Tourmaline .

Miniature Diorama Photographer

Bokeh Shapes

So you know bokeh – the circle, hexagon, octogon, etc. shape your camera lens makes out of blurred light? Have you ever seen photos people have taken with various bokeh spots in shapes other than a circle?

Well, that circle of blurred light comes from the shape of your camera’s aperture. Change the shape of the hole light flows through into your lens, and you change the shape of your bokeh.

While you can buy pre-cut kits to start experimenting with this concept:

In this post I’m going to show you a super simple way to make your own.


You’ll need:

  • cardstock paper – preferably black (in this post I use dark blue – as long as your paper is thick enough where light won’t flow through you should be fine)
  • scissors
  • a DSLR camera and lens
  • a lens cap (if you have one, this is helpful for tracing)
  • an exacto knife or box cutter
  • various hole punch shapes (OPTIONAL)
  • a writing instrument
  • scissors
  • tape (OPTIONAL)\

Here I’m using a Canon EOS Rebel T1i with a 100mm 2.8 USM EF lens.

Pardon the dust

Pardon the dust

The idea is to cut circles of paper that cover the entire lens and fit snugly where the lens cap usually clips in.

  1. Trace the widest part of your lens cap onto a piece of carstock.

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2. Cut out the circle with scissors and fit it to you camera lens. You may have to trim the edges here and there to get it to fit correctly.

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3. Once you have a circle that fits snugly on your lens, trace that circle over and over until you have one for each shape you intend to make. Here I’ve traced the circle 4 times for a total of 5 shapes.

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4. Cut out those circles.

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5. Draw the shape you’d like for you bokeh to be in the center of each circle. Start with a very small shape, experiment with your camera, then decide whether or not you’d like to cut the shape bigger.

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6. Use an xacto knife of box cutter to carefully cut out the shapes. My xacto blade is pretty dull at the moment, so while the edges are rough, it still did the trick.

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7. Alternatively, use a shaped hole punch to create your desired shape. Most hole punches aren’t quite long enough to reach the center of the paper circle, so this required me to fold up my circle a bit. This makes the paper less durable and may require some extra care when attaching to your lens.

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8. Fit the paper to your lens.

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9. If you’re having trouble getting the paper to stay attached to your lens, you can gently apply tape on the outside of the paper circle and onto the edge of your lens. Be careful not to get tape on the glass part of your lens. You can also create more of a lens hood as shown in this tutorial.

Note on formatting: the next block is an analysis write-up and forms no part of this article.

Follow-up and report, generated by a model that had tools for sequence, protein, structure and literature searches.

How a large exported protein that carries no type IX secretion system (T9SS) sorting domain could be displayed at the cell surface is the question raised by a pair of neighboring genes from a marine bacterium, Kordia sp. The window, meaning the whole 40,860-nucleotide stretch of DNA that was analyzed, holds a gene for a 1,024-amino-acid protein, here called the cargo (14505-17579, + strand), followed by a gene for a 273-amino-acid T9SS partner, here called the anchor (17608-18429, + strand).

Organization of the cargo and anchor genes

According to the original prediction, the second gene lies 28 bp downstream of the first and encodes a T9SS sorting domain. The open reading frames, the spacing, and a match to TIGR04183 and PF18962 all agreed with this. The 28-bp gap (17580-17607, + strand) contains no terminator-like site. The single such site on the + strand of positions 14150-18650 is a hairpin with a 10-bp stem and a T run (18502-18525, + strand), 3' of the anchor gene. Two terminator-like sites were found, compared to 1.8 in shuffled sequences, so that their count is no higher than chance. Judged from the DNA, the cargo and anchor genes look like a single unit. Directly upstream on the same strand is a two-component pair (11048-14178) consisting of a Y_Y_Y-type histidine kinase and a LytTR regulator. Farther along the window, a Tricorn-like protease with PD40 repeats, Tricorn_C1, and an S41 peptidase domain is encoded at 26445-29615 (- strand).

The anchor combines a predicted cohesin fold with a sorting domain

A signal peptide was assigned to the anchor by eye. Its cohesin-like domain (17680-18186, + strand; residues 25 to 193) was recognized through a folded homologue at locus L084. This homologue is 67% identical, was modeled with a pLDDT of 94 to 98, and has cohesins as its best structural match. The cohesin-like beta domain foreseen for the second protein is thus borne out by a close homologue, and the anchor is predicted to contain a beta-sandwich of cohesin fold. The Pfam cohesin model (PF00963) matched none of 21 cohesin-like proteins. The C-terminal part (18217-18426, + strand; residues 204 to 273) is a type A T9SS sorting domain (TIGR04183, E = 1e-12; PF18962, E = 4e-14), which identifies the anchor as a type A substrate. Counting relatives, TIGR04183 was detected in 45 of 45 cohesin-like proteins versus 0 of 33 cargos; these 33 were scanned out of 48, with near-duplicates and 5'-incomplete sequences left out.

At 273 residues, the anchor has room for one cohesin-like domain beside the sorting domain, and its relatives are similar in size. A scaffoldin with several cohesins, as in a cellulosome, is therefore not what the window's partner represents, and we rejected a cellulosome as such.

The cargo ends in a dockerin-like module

10. Try out each of your new creative apertures and see what works and what doesn’t.


More blur creates bigger bokeh shapes:PicMonkey Collage

Compare f2.8 in the 1st 3 images with varying amounts of blur to f8 in the last image. Wider aperture, smaller depth of field, makes the cut shape more clear.PicMonkey Collage2

Try out different locations. Christmas tree lights v. Christmas and outdoor lamp lights.

PicMonkey Collage3

IMG_1122 IMG_1123


Let me know if you try this out. I’d love to see your results.

Leave your questions and comments below :)

 

15 Responses to “Bokeh Shapes”

  1. inkdropk

    Really good piece on creating Bokeh – Tried this with a coffee cup and some fairy lights, during my photo sessions at BASIC in Salford, England. I like the maple leaf effect.

    Liked by 1 person

    Reply
  2. merrymoonchild

    I love bokeh and I’ve done this process before, it’s a lot of fun! I love the different things you can do with it :) Also, for those who only have a smartphone, there are SO many free apps out there that you can use to enhance your photos. One of the ones I use is called “BokehFeel” Thanks for sharing Jennifer

    Liked by 2 people

    Reply
  3. Melinda Kucsera

    I meant to ask you about bokeh on you post yesterday but all hell broke loose in my office. (that’s what I get for reading your posts on ,y lunch hour.) So glad you posted an explanation! I don’t have a dslr anymore but I’m going to try it with my smartphone over the weekend and see what comes of it. :) If I get anything worthwhile I will let you know! Thanks for explaining the concept.

    Liked by 1 person

    Reply
    • Jennifer Nichole Wells

      I’d love to see what you get. I tried on my point and shoot and couldn’t get it to come out right. But check the comments on this post – there are some apps you can use for this effect too.

      Like

      Reply

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